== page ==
Farm trucks, popular where I live, are good for hauling a horse trailer, a boat, a hay-bale fork, or spike trailer. After working with a beater S10, then a Silverado, then a Ford Explorer, I was ready for something that drank less and cooled the cabin more. It turned out the local service station had just the truck -- a compact SUV rescued from a write-off that could haul a ton and had functional air.
One of the chores a farm truck often endures is launching a boat or jet ski in the shallow waters of the local dual-use irrigation/boating lake. When the water gets low, the ramp goes to a shallow angle, so my beater soon found itself in water two inches below the sill while I launched a jet ski. After two outings of this kind, it gave up, two miles down the road from the launch.
The fuel tank had taken in a half-gallon of lake water. In the course of drying the system out, we noticed there was something strange about the fuel pump assembly. This import SUV’s fuel pump is a fuel-injected multi-port, like most these days, so the pump is relatively high pressure -- 40psi above manifold pressure, vacuum, in fact. The pump sends fuel to a fuel injector manifold, and a regulator sends the excess back to the tank.
This particular model formerly had an inlet sock filter on the fuel tank floor and a return pipe that fed back to the tank base. Someone evidently had an idea: "Let's put the fuel pump in a plastic can and feed the return fuel into the canister, too. Then the pump would more likely be covered -- with a cooling and quieting effect." That's the way I visualized things in the design group in South Korea, anyway.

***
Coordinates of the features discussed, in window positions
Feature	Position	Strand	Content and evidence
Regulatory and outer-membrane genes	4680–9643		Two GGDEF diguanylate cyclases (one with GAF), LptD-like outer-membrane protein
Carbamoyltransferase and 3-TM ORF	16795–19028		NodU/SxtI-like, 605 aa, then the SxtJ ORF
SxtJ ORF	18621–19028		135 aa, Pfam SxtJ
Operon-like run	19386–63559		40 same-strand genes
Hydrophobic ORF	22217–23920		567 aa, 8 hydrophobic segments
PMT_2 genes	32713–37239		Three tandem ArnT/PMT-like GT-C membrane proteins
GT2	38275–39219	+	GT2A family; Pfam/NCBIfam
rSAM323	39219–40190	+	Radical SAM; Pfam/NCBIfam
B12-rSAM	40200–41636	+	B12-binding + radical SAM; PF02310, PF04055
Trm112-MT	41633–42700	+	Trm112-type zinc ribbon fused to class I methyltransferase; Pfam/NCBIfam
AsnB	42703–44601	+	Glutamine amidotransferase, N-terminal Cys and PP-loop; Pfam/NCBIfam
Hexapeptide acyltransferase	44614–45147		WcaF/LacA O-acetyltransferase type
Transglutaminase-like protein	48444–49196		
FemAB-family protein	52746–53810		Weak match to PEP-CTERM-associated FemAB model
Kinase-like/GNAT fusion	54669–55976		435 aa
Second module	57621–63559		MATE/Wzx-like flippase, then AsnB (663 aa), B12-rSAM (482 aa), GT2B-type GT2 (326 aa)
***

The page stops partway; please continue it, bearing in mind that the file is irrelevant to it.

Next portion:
It was a good idea, but there was a little problem: the can had to admit fuel from the tank, but it didn't get it via an external sock inlet. Instead, the sock was folded neatly inside the can, and to admit fuel there was a little orifice in the foot of the can with a wire strainer over it, so more fuel could get into the can.
Now it is true that if you want fuel to flow from a tank to a can, there has to be a little pressure differential -- lower on the inside. So the can would have to have a fuel level lower than the tank fuel level. Even worse, if the can's orifice became constricted, the level in the can would drop faster than the orifice could supply it. The result was that the engine would start, run for a mile or two, then stop until the fuel percolated into the pump canister.
If only the inlet fuel sock was piped outside the can. The can would then always be full with the return flow, which I imagine was the desired effect. It took $600 worth of mechanical investigations to get to this final stage, after the pump and filters had been changed.
This entry was submitted by Brian Whatcott and edited by Rob Spiegel.
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